I take responsibility for this disastrous event. Two teammates were skilled at 2D animation and did a great job on Adobe Flash to animate the character, before starting the work they asked me if Unity would accept Flash animations and later they found a free module in the AssetsStore to convert Flash animation to Unity prefab.
    I should have asked them to test integration in Unity right away because at the end of the jam we were unable to get the prefabs to work on the final version of the game.
  • Difficulty to keep everyone busy and duplication of work
    A team of 6 starts to be a big number of people to manage, especially when 5 of them have the same skill set. As I was the only programmer I was the bottleneck of the production process and some teammates had times when they couldn’t do anything to advance the project.
    Also lots of compatibility errors encountered by transferring project from one PC to another lead us to lost work done and having to duplicate it. It suffice to say we were throwing hours of work by the windows.
  • No explicit tutorial or indications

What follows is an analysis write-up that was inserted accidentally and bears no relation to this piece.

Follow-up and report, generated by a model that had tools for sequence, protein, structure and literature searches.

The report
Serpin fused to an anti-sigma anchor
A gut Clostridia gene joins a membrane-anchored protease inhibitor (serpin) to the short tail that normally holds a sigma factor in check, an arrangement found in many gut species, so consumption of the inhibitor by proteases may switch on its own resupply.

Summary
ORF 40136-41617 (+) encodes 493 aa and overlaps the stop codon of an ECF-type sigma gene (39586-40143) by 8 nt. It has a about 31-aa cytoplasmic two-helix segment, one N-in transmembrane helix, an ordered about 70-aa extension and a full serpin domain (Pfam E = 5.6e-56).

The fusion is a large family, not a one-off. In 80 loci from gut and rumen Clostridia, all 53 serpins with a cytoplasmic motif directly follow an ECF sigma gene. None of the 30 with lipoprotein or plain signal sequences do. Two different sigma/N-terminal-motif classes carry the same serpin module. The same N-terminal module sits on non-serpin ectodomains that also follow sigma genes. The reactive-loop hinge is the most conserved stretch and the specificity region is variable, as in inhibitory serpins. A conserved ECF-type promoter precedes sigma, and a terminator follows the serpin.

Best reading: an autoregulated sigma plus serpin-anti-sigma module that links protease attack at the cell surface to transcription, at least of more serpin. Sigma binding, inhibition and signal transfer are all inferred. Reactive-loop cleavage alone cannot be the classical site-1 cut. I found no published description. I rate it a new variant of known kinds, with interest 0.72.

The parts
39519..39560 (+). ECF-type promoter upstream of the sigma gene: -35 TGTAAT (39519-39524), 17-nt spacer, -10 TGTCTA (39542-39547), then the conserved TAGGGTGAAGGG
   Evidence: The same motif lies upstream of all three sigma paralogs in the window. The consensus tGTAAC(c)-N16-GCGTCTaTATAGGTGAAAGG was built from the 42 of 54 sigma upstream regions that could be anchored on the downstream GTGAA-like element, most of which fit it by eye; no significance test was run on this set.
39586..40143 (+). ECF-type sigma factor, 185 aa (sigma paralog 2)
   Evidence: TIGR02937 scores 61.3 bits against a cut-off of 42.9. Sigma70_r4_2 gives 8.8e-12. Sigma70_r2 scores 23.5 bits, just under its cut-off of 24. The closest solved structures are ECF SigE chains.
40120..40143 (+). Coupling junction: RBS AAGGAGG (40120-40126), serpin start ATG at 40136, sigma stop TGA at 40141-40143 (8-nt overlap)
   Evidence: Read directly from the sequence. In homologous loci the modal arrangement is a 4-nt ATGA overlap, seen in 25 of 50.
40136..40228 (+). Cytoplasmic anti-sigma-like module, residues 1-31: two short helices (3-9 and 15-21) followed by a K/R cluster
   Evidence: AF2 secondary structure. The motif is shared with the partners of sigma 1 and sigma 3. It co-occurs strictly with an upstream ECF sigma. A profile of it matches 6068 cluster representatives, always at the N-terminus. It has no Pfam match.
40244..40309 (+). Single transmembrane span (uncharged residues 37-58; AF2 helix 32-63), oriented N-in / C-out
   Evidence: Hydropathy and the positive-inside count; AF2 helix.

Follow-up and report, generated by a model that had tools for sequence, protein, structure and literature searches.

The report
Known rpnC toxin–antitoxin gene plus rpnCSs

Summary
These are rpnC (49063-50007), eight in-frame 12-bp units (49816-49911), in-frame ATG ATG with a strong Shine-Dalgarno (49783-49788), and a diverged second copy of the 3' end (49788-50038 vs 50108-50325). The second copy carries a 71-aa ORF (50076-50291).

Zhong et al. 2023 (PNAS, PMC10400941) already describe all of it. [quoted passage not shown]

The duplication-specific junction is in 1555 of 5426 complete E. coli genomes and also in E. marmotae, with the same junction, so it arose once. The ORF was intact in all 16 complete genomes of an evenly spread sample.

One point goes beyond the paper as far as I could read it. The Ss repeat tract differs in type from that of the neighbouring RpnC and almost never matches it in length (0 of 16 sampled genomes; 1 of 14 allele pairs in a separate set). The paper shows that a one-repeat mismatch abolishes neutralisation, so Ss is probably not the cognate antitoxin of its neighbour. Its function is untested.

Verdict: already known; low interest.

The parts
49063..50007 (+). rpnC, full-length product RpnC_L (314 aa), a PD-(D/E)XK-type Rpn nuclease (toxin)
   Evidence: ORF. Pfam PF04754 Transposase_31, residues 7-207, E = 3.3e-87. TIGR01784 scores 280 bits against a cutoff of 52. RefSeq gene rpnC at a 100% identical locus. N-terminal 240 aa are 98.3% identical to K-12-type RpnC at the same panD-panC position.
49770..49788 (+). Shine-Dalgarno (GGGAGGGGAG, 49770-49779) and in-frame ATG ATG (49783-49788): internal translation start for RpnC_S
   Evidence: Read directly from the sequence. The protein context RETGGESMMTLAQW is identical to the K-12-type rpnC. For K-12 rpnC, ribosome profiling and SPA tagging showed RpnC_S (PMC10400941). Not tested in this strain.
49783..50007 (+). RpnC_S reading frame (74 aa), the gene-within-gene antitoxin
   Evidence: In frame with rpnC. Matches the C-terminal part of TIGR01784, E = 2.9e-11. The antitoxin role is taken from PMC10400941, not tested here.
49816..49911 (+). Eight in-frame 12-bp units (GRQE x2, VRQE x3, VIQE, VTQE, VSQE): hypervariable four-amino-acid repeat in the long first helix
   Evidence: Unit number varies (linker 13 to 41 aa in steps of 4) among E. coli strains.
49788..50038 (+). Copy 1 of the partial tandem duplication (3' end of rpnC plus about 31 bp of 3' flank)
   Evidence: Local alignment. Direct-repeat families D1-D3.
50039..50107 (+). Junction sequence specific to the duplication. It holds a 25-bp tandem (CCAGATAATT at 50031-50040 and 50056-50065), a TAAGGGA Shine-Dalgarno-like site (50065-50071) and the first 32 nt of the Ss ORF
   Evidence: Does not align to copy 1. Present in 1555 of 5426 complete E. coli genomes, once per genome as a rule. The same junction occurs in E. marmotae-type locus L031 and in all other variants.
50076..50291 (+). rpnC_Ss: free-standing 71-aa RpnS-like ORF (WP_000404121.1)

A consequence of assembling the prototype so late in the week-end and wasting hours of work on different problems was that we didn’t spend any time on creating at least a little tutorial and not even a GUI to represent the timer running.

P.S.: We definitely should have used BitBucket instead of GoogleDrive.

Future of the game

We’re willing to continue working on this game for sure. We really enjoyed this game jam and are enthusiast at refining our game.
From my point of view we’re not gonna commercialized it but use it as a portfolio element and maybe we’ll put it on itch.io.

P.S.: My favorite game of this GGJ16 (besides ours :p) is Anu & Ki, this is a cute dance game you should really check it out. As well as the source code which is a great educational material.